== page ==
Susan Pavel

Susan Pavel

Dr. Susan Pavel first learned to weave in the Coast Salish style during the summer of 1996.  Her master teacher was subiyay – Bruce Miller of the Skokomish Nation.  Each summer she would take three full months to produce one ceremonial blanket and then gift it to various elders of the tribe.  By the fourth year it was suggested to sell her creations and she started along that path.  By the seventh year she was invited to teach weaving classes and has taught well over 1000 students to date.  She has participated and later solo exhibited six museum exhibits.   With public and private collectors across the nation she continues to weave, when the spirit calls her to weave – she is obedient to the call.  She celebrates this year of 2016 with jubilation marking 20 Years of Coast Salish Weaving for her and more importantly – SQ3Tsya’yay – Weaver’s Spirit Power.

Traditionally, Salish blankets/clothing are woven using a variety of animal and plant fibers including mountain goat wool, canine hair, hemp, fireweed, milkweed, cattail, cotton grass, and yellow and red cedar bark. Various plants were used to create the colors used in dying the wool. Bark from Oregon grape, stinging nettles, various lichens, and alder bark were some of these plants.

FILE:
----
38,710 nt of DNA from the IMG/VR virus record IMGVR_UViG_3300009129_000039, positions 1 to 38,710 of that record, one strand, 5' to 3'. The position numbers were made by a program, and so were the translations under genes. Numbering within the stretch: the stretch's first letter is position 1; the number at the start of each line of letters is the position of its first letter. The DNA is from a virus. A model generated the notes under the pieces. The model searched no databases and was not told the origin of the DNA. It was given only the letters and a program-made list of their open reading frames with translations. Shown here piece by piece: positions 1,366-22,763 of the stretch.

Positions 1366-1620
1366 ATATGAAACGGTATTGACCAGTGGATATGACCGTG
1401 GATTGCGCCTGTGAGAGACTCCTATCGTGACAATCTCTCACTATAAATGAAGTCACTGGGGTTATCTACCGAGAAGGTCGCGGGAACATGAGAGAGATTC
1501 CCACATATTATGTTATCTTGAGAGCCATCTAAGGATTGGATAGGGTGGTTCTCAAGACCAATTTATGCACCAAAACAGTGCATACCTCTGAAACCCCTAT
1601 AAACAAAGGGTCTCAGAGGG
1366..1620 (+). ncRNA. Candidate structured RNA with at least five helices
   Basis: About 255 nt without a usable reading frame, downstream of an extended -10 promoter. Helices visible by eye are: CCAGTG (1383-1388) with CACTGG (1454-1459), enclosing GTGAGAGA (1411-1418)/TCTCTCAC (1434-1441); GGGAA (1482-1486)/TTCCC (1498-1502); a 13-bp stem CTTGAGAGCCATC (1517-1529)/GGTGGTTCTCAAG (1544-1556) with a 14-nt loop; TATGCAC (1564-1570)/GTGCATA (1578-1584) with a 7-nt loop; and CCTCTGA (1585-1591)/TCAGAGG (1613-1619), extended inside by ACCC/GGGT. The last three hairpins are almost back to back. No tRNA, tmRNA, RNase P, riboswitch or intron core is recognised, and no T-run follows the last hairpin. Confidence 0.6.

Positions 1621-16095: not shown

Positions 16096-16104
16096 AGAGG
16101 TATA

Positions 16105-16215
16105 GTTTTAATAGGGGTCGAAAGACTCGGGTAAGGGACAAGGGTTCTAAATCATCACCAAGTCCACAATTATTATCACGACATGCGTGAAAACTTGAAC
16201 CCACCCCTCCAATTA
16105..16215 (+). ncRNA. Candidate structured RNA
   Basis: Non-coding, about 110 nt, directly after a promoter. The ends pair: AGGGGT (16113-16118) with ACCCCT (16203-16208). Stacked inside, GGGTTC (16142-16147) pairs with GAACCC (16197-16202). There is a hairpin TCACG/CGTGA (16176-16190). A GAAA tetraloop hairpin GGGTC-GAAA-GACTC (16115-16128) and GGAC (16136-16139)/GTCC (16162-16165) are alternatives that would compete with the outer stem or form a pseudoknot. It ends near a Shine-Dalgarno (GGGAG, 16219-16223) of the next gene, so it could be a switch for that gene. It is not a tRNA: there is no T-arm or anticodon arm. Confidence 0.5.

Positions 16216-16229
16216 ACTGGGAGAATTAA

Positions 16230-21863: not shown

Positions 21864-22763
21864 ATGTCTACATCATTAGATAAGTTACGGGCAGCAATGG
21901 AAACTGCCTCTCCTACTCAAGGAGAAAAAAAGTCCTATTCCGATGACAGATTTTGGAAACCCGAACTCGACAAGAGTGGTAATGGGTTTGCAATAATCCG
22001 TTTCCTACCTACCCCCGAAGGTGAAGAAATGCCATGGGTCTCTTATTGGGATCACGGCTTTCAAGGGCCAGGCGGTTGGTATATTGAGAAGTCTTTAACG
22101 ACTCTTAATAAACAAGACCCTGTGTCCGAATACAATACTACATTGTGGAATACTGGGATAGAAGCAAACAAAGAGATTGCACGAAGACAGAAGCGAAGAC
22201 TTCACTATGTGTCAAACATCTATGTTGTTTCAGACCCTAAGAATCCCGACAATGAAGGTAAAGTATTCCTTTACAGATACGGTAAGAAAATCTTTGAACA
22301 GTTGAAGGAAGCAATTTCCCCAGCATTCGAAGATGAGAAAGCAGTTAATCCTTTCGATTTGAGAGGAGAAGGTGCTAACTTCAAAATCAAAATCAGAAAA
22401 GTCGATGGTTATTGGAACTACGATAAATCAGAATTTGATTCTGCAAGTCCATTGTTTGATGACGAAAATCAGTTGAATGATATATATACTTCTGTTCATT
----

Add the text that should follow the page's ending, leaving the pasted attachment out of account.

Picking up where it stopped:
There are three types of techniques used in Coast Salish weaving: twill, twining, and plain. The diagonals are created by the twill weave, where the weft travels under and over the warp. Twining uses two weft yarns twisting around the warp. The plain weave is a simple over and under warp and weft.

Amongst Coast Salish people, blankets made from mountain goat wool are a symbol of wealth and status. During ceremonial occasions objects of wealth are given as gifts, thus leaving the donor in a place of honor and prestige. Woven blankets are distributed during weddings, memorials, naming ceremonies, and as payment to shamans for their services.